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I thought I would be able to do these problems, all I can find are proofs that if random variables are independent that the product of distributions is the joint distribution of the two. I cannot actually compute it. So to show that, say, two discrete random variables $X,Y$ taking values in $\mathbb{Z}$ are independent you need to show that

$\mathbb{P}(X=x,Y=y)=\mathbb{P}(X=x)\mathbb{P}(Y=y)$ for all $x,y\in\mathbb{Z}$

For example, if $X\sim\text{Pois}(\nu p)$ and $Y\sim\text{Pois}(\nu)$, ($X,Y$ independent) I would like to show that $X$ and $Y-X$ are independent random variables.

I thought the best way to go was:

$$\mathbb{P}(X=x,Y-X=y)=\mathbb{P}(X=x,Y=x+y)=\frac{(\nu p)^x}{x!}\exp(-\nu p)\frac{\nu^{x+y}}{(x+y)!}\exp(-\nu)$$

Is this because $X$ and $Y$ are independent, and you have reformulated it in terms of independent random variables? Is this the general method for problems with differences of random variables like $X-Y$ and $X$ with $X,Y$ independent?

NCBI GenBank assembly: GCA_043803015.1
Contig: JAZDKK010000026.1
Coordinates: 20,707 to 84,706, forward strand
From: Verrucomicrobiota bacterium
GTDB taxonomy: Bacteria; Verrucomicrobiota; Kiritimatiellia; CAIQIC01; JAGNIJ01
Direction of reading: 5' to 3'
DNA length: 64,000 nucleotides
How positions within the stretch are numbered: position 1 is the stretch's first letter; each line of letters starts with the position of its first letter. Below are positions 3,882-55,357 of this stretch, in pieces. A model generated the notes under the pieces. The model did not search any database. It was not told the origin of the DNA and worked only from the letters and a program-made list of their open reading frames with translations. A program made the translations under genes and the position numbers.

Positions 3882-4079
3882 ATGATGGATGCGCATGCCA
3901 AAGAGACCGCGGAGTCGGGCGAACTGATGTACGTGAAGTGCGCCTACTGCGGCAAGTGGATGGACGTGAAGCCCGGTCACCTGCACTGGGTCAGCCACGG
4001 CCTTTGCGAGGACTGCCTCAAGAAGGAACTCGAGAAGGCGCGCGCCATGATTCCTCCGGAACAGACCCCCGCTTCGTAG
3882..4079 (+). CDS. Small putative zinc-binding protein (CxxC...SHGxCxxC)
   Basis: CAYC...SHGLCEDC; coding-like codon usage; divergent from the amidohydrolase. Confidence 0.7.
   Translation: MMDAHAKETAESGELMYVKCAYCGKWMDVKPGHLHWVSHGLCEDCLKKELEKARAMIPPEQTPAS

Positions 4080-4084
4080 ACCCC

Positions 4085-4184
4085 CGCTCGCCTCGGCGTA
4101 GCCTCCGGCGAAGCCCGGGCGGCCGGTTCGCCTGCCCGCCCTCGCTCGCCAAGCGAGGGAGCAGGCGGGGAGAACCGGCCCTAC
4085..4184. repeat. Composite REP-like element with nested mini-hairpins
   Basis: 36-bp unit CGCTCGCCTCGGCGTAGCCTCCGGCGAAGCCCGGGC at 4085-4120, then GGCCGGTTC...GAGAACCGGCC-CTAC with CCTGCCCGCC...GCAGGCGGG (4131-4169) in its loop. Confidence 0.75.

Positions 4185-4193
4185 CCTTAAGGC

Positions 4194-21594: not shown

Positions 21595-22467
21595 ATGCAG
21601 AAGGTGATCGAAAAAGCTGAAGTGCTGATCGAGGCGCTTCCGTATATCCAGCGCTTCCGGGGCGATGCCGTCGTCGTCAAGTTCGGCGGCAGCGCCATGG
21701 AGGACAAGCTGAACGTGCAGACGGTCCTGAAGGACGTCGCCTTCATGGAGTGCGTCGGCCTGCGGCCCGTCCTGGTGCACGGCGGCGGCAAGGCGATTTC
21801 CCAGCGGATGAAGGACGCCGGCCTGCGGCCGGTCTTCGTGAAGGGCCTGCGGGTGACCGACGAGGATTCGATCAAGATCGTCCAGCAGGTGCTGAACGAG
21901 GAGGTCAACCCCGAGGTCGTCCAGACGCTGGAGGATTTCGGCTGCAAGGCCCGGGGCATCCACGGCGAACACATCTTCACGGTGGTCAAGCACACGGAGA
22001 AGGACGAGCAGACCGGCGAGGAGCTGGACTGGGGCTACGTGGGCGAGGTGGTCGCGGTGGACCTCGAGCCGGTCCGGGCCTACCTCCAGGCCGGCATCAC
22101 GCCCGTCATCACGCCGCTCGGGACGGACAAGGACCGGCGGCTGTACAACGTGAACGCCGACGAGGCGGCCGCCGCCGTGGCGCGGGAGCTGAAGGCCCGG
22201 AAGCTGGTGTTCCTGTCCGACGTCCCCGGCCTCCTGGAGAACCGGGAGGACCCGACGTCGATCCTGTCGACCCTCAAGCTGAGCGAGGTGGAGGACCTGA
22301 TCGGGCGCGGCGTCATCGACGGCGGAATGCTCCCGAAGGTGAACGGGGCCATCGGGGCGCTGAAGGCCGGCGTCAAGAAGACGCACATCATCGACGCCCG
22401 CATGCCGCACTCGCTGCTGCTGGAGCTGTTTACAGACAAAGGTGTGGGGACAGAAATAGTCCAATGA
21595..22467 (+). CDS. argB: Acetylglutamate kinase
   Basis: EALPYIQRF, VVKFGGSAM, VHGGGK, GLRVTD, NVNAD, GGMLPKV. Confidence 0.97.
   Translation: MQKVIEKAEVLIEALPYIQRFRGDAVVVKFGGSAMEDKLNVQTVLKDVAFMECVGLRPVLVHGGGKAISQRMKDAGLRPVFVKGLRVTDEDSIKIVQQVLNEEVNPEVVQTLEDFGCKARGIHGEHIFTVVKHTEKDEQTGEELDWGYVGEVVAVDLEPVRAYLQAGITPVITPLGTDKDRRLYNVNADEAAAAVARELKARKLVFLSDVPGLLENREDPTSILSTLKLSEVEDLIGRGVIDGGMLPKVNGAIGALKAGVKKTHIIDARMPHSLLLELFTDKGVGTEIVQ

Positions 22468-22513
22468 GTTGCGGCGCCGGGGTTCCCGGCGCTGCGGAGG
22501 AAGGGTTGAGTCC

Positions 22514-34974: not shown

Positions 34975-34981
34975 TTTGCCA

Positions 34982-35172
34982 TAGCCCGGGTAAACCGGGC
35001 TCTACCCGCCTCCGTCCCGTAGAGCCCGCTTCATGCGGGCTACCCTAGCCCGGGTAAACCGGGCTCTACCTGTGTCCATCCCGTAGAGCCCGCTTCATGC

Edit: Obviously this would be convenient because then $$\mathbb{P}(X=x)=\frac{\nu^x}{x!}\exp(-\nu)$$

and then, the rest looks like:

$$\mathbb{P}(X-Y=y)=\frac{\nu^{x+y} p^x}{(x+y)!}\exp(-\nu p)$$

Is this the part where I recognise the distribution and conclude it is independent or where I deduce what the distribution is and that it is independent some other way?

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I think he means Bernoulli. What's a Poi distribution? Oriental fish perhaps? As distinct from the French variety. – wolfies May 1 '13 at 12:34
There was a mistake in my original post I have edited it. I will change $\text{Poi}$ to $\text{Poisson}$ if it is confusing – shilov May 1 '13 at 12:37
changed it to $X\sim \text{Pois}(\nu)$ – shilov May 1 '13 at 12:55
Why do you think they would be independent? Surely $\mathbb E(Y-X |X=x) = \mathbb E(Y) - x$ depends on $x$. So they can't be independent. – Tim May 1 '13 at 17:56
That doesn't show that they can't be independent – shilov May 1 '13 at 19:51

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